1. Exercise Regularly And At The Right Time

Getting regular, consistent exercise has been linked to a variety of health benefits, and potentially decreasing an individual’s symptoms of insomnia is one. A study published in the National Library of Medicine suggests that four weeks of regular exercise can serve as a sleep aid, helping people experiencing insomnia fall asleep faster and stay asleep longer. However, it’s recommended that you take care to avoid exercising an hour before bed, as this can make it more difficult to fall asleep.

Getty/Halfpoint Images
  1. Avoid Working Or Watching TV In Bed

 Another helpful sleep hygiene strategy to improving sleep ease and quality can be to create a clear association in your brain around what your bed is used for. Try to avoid working, watching TV, or doing other activities in your bedroom, day or night. Instead, aim to use your bed only for sleeping and sex so that your brain doesn’t associate it with the mental stimulation of daytime activities.

  1. Try Not To Eat Too Close To Bedtime

Eating too close to bedtime may cause problems falling asleep because food is energy, and your body will be actively working to digest what you ate rather than winding down for sleep. It can be especially beneficial to avoid eating high-fat foods, as they can decrease the body’s sensitivity to a natural sleep hormone called orexin. In addition, high-protein foods should be consumed earlier in the day as well, since they take longer to break down. Avoiding all other foods a few hours before bedtime if possible can also be helpful in treating insomnia.

  1. Create A Restful Sleeping Environment

The right sleep environment can help you fall and stay asleep more easily too. According to the Centers for Disease Control and Prevention (CDC), you can improve your sleep hygiene and create more restful sleeping conditions with the following tips:

  • Reduce light: A few ways to do this include using room-darkening curtains, turning off devices that emit light or cover up the light source, and wearing an eye mask. 

  • Reduce noise: You might place your phone on "do not disturb mode", wear earplugs, or consider a white noise machine or app to block out noises you can’t control. 

  • Keep temperatures cool: The Sleep Foundation recommends a bedroom temperature of 65 degrees Fahrenheit to promote a deep and restful sleep.
  1. Write Out Your Worries

A common reason many people have trouble falling asleep is that they’re experiencing racing or anxious thoughts, which they can’t switch off long enough for their brain to enter a more restful state. One way to combat this issue is to journal before bed. Getting worries or tasks for tomorrow down on paper and out of your mind can help you relax for good sleep more easily. Research supports this strategy, suggesting that journaling before bed can increase sleep duration and improve sleep quality—particularly if it’s a to-do list related to tomorrow rather than a list of what you got done today.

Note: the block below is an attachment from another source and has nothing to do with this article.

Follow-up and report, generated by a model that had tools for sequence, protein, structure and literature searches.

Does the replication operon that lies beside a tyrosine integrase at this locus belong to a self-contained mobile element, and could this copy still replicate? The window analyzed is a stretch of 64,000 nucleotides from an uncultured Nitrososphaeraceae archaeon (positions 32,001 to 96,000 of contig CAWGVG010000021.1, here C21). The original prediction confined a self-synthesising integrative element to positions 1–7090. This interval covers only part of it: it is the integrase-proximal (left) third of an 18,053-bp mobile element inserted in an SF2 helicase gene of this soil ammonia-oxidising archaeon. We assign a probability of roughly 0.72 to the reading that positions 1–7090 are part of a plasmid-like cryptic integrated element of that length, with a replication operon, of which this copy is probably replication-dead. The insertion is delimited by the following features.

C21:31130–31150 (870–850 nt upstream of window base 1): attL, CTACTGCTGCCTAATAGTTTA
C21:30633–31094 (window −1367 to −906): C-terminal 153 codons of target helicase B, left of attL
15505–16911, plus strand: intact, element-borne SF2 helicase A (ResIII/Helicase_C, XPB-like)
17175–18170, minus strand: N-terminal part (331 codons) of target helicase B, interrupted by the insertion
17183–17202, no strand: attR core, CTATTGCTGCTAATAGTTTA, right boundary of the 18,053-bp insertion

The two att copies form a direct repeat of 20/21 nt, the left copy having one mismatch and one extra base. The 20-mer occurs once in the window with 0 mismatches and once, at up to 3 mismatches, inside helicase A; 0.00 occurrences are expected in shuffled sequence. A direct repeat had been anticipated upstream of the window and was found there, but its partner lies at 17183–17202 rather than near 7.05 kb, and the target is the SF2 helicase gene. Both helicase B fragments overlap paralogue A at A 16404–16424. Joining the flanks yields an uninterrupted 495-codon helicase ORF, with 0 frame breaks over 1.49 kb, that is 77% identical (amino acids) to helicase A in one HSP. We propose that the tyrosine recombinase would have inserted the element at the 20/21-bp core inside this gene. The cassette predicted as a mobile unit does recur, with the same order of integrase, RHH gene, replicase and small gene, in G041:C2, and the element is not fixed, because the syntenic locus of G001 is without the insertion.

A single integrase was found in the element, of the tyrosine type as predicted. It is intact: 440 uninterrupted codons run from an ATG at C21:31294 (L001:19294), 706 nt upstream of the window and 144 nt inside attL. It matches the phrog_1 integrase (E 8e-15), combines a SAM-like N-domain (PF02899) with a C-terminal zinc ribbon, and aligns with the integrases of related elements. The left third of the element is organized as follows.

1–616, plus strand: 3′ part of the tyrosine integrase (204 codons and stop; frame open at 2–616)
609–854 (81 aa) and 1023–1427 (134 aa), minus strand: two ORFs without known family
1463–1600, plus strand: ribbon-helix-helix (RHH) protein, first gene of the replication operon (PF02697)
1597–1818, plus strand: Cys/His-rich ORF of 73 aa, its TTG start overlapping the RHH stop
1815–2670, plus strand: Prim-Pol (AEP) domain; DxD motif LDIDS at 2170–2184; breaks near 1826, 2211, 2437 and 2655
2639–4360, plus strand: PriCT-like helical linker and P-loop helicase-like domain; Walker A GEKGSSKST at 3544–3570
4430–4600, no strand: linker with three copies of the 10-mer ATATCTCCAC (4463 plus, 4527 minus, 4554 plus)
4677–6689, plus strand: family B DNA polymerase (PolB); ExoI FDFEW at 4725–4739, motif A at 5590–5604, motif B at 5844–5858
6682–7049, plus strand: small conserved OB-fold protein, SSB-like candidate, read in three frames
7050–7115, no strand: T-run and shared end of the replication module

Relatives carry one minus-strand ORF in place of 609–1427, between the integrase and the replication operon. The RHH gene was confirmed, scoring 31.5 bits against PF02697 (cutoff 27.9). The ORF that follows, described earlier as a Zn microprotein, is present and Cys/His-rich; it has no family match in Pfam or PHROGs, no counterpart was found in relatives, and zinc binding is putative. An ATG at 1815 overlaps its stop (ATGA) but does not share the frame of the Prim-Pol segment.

1. Try Meditation

Research suggests that 10–30 minutes of mindfulness meditation daily may help improve sleep quality and reduce insomnia symptoms. To get started, you might try a meditation app or free meditation videos online. However, try to minimize how much you're looking at a screen to set them up. It may help to set your phone to nighttime mode or install a blue-light blocker app because blue light may suppress the secretion of melatonin, a vital sleep hormone. Alternatively, you could try focusing on deep breathing for 10-30 minutes each day without the use of your phone. Deep breathing practices or progressive muscle relaxation techniques are commonly used to treat insomnia and may help you fall asleep faster.

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  1. Strengthen Your Social Connections

It may be one of the more surprising tips on this list, but research suggests that we may be better able to sleep if we have strong social support in our waking life. One study theorizes that this may be because of the original evolutionary pull to have others around while sleeping to safeguard us from predators. It reports that “supportive ties were positively related to sleep quality” in the study they conducted, meaning that prioritizing a healthy social circle may help with insomnia and promote good sleep habits.

  1. Meet With A Therapist

Finally, engaging in talk therapy modalities may also help reduce chronic insomnia and other long-term sleep problems. Many sleep experts recommend cognitive behavioral therapy (CBT) or other mental health treatments, suggesting it may be especially beneficial if you also experience other mental health symptoms or conditions like stress, anxiety, depression, bipolar disorder, or intrusive thoughts. In most cases, you can choose between in-person or online therapy sessions for this type of treatment, depending on your preference. Those who have a busy schedule or have trouble locating a provider in their area may find virtual therapy to be more convenient.

With a virtual therapy platform like BetterHelp, you can get matched with a licensed therapist who you can speak with via phone, video call, and/or in-app messaging to address the challenges you may be facing. You can connect to your sessions from the comfort of home or anywhere you have an internet connection. One study suggests that internet-based CBT improved sleep quality for adults with insomnia, making it a viable option for those experiencing this type of sleep issue.


Insomnia is characterized by persistent difficulties falling or staying asleep. If you’re experiencing insomnia, sleep deprivation, or a related condition, it’s typically recommended that you meet with a healthcare professional. You may also find some of the tips listed above useful in mitigating the effects of insomnia over time.

Learn the impacts of sleep deprivation